You only get one gauge, which generically rises with every special move you pull off. When it reaches it’s Maximum or maximuM, you’ll be able to pull off your Super combo’s or the newly included, exceed moves. These can only be used once in a fight, so if you fuck up, that’s it. Super Combo’s can be used as often as you like when the bar is like this. However, it deteriorates quicker if you use them. This Exceed move reaches out to the perfectionists and the fans so if you suck then it is best not to use your Exceed move until your foe is stunned. Not even a beginner could fuck that up! You can’t really edit this. You don’t get a Capcom version or an SNK version like you did in CVS2. You’re simply stuck with this rather generic method of achieving victory.
SNK/Playmore decided to bin the sexy anime style visuals that graced Capcom’s efforts. Instead of the brilliant and smooth animation, we know have blocky and rendered characters that look rather disgusting. The old and seedy graphics look dire on the Xbox and age has mercilessly stripped any eye candy value that these visuals once had. The 3-D clay-modelling look reminds me of Clay Fighter on the SNES, bulky and bland. I can imagine this looking rather hot on the Neo*Geo but considering what we’ve seen in other titles, they look old and rusted. Even the artwork on the characters looks cheesy and ugly; something that Capcom has had no problem with in other titles that include this feature. However, SNK/Playmore give us these horribly drawn portraits that almost resembles the character.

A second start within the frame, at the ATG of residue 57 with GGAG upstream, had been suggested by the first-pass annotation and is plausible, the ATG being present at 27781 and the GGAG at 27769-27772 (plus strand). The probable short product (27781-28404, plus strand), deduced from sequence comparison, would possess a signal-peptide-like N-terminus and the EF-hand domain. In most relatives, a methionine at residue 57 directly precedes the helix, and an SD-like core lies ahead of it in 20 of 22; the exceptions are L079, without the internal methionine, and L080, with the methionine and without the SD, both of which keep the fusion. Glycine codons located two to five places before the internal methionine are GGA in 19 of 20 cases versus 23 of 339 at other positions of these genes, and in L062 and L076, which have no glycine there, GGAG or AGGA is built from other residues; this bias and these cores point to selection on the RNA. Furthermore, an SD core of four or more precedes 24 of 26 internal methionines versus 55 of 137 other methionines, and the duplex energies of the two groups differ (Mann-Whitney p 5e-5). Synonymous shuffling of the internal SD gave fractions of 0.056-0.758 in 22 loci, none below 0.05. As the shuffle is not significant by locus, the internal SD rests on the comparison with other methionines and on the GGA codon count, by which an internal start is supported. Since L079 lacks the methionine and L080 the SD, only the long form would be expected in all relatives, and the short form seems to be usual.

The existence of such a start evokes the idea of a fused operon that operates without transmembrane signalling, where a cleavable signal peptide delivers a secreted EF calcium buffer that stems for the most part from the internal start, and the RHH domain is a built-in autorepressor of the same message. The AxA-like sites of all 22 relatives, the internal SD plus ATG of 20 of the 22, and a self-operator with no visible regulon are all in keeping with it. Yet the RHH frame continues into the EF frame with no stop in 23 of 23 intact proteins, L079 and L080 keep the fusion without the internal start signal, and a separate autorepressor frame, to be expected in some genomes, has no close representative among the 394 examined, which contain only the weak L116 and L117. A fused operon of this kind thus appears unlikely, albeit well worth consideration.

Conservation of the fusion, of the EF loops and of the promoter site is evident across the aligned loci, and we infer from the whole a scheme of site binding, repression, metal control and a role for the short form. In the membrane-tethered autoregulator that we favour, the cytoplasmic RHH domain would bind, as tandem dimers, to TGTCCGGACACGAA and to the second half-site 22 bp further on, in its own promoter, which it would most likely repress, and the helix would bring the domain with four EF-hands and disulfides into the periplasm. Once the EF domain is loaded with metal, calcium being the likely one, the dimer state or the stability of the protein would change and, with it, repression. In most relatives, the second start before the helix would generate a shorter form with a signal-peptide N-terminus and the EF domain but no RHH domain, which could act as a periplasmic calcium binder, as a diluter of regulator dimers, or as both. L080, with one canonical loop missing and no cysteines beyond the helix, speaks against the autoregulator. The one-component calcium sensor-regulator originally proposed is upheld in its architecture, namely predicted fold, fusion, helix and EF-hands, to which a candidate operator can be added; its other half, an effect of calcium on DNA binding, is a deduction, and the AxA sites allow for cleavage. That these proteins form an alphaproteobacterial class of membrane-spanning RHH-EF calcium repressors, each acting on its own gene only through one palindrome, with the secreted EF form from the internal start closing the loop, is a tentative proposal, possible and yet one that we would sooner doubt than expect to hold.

This game reaches out to a small audience of hardcore fighting fans but fails to provide anything new for the common gamer. It has a few minor gameplay issues, such as the dumb hidden character scheme and the crippling method of unlocking the secret warriors. It also promotes the fact that it’s solely for those who played KOF on their Neo*Geo’s years ago. The elitist arcade mode will always hand you the “Where has your character gone?” crap. I tell you where he went; he's ran away for being in this shitty game, duh!
Community review by goldenvortex (September 04, 2005)